Ben Laurie blathering

People Don’t Report Phishing (Or They Are Ignored)

I got email, allegedly from O2, today. All the links in the email claim to be to O2’s website (i.e., but actually go to Classic phishing stuff, you’d think.

But going to that site redirects to the correct page on the real site. So perhaps its not a scam after all. My next thought was to check whois data:

# whois

Domain name:


Registrant type:
UK Individual

Registrant’s address:
The registrant is a non-trading individual who has opted to have their
address omitted from the WHOIS service.

So, there’s a non-trading individual called “Vertis” is there? Somehow I don’t think so. Anyway, it seems to there’s only two possible explanations for this. Firstly, its a scammer, hiding their identity, or secondly, its a company who really do act on O2’s behalf who are just blatantly abusing the .uk registration process.

So, being a good chap, I reported it to O2. Somewhat to my surprise, they confirmed that it was not from them, and is spam. Exactly what the point of it is, I’m not sure, except perhaps to determine that I’m the kind of person that follows links in realistic looking emails.

They’ve said they’ll escalate the matter to their security team. They’ve also said they’ll inform me of the outcome. I’m not holding my breath on that one! They also said that they had not heard of this before (which is interesting, because I’ve had email involving these domains before), and said that this kind of report was “very unusual” – whereas for a genuine O2 mailing each customer service rep gets several calls a day, apparently. From which I conclude that people don’t report phishing – or if they do they are ignored.

Incidentally, the mail claims to originate from, which looks like this:

$ whois

Administrative Contact:
Mansell, Matt
1 to 2 Stafford Cross
Stafford Road
Croydon, Surrey CR9 4PD


  1. Give the guy a call, Ben! Better still, show up at his place. Though, it does look like a dodgy industrial estate:



    Comment by Superpat — 27 Jan 2006 @ 18:25

  2. I know this is an old thread but I thought I’d expand upon it in case anyone stays onto the site.

    I also got an email from this address

    Saying I had a free upgrade. Then this lady (if you can call her that) phoned me trying to push me into upgrading by sending me to a bogus website. Don’t do it folks it’s a big scam.

    I reported it to O2 who were they’re usual don’t-give-damn selves.

    Now, it seems that these people try to get your telephone number (which I stupidly gave them when I clicked on the link for my free up grade). Then they cross refer your number, with some kind of database to get your name. And when they call you they use your name so it all sounds very official.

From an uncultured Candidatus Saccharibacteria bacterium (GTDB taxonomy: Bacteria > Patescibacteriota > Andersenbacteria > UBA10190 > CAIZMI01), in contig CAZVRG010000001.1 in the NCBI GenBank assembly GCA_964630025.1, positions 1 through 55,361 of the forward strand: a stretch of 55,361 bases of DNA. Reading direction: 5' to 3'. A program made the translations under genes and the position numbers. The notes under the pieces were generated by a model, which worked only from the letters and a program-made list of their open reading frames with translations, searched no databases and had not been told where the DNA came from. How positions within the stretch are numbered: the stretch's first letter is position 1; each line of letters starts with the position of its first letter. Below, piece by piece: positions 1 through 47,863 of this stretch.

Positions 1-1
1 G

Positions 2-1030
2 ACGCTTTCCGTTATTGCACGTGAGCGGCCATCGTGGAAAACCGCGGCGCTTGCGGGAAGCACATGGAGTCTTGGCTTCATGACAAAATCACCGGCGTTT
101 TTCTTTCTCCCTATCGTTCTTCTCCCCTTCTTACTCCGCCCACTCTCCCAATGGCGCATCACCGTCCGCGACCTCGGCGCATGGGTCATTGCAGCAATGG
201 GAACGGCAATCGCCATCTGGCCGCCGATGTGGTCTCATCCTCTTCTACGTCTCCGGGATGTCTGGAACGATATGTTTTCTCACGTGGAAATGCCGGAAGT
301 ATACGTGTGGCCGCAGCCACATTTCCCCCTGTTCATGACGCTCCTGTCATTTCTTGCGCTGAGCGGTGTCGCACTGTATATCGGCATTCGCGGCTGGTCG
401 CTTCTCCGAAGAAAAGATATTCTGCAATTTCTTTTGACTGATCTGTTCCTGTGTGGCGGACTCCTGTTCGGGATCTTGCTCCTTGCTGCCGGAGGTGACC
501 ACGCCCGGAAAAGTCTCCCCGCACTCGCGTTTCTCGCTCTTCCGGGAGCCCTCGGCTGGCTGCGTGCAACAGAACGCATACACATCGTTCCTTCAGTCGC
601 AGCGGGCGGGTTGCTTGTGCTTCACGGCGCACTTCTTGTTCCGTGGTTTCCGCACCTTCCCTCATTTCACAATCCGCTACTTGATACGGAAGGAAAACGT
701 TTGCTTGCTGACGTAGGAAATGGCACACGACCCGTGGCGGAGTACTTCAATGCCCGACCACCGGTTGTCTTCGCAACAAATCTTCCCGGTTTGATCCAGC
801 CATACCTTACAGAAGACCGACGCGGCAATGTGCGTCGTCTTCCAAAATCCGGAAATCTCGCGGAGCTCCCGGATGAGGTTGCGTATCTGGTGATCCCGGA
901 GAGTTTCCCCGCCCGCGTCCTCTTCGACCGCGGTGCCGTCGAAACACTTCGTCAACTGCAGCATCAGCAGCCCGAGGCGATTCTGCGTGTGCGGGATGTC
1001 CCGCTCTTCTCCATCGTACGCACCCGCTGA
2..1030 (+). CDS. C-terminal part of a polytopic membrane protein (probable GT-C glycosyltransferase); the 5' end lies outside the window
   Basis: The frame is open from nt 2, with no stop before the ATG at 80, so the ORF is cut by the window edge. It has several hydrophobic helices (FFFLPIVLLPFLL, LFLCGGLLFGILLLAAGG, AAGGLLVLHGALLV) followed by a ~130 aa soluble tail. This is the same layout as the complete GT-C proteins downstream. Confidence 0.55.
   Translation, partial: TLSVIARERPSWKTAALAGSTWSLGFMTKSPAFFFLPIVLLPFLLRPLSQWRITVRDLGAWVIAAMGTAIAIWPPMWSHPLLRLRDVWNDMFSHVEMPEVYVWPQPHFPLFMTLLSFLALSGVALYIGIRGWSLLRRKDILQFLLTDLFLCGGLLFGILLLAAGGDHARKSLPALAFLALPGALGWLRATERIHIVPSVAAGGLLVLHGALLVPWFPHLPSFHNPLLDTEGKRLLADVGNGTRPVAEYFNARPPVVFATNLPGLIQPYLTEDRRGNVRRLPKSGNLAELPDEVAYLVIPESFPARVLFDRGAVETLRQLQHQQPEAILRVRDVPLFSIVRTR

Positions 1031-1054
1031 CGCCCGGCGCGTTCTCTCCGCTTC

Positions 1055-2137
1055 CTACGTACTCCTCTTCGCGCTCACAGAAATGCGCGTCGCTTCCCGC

I don’t know what they plan to do next as I didn’t get that far, my guess is to get you to fill in your account details and stuff so they can commit some kind of fraud.

    02 are pretty unhelpful. They say they may be able to take my number of whatever database it is that lets con artists get access to your number, but i’m not holding my breath either.

    In the interests of my security i will be cancelling my O2 account at the next available opportunity.

    Comment by Anonymous — 19 Sep 2006 @ 17:54

  3. I got one today. Interestingly they have changed their Nominet details from ‘non-trading’ to 2nd Floor Aldersgate House
    135-137 Aldersgate Street
    EC1A 4JA

    BUT the email itself used Telefonica/O2 registration details ie it was absolutely passing itself as O2. IANAL but that looks like a criminal offence several times over. O2 can go after them as can Companies House for not putting *their own details* on a company document.

    I would have thought O2 could do a DRS with Nominet to get this domain handed over based solely on this. Not that these scumbags won’t pop up with another misleading domain. Another avenue might be Croydon Trading Standards but I’m guessing they will now say it is out of their jurisdiction. And O2-mail can keep changing their address to keep ahead of investigations.

    Comment by Stuart — 15 Jul 2009 @ 9:35

  4. Just because a fake site redirects to a real site doesn’t mean it is real. It takes 5 seconds to do that.
    Don’t report phishing to the company involved, report it to the ISPs

    Onto the comments…

    Faking a from address in an email is easy. Please for Christ’s sake don’t start attacking anyone related to the from address. In most situations, that person hasn’t got anything to do with the spam, and they’ll be getting harrassed non-stop by email. You turning up at their door accusing them of things they have nothing to do with is likely to make them turn nasty! If they really are that easy to trace, rest assured that they won’t be in the spam business for long. Most spam is impossible to properly trace.

    Passing Off isn’t a criminal offence, damn right you aren’t a lawyer!

    For what it’s worth, I haven’t looked into this (oddly the poster hasn’t printed the contents of the email), but it wouldn’t surprise me at all if this wasn’t a phishing scam at all. It’ll either be a mobile phone retailer trying to get you to upgrade with them (and trying to give you the impression that they are or are closely connected to O2) or it will be an email from O2 themselves (the vast majority of companies don’t do promotional mailouts themselves, they outsource it to another company). Just because the drone at the other end of the Customer Services line says it’s fake, doesn’t mean it’s true. They’re often wrong.

    Comment by OMG — 14 Jan 2010 @ 2:17

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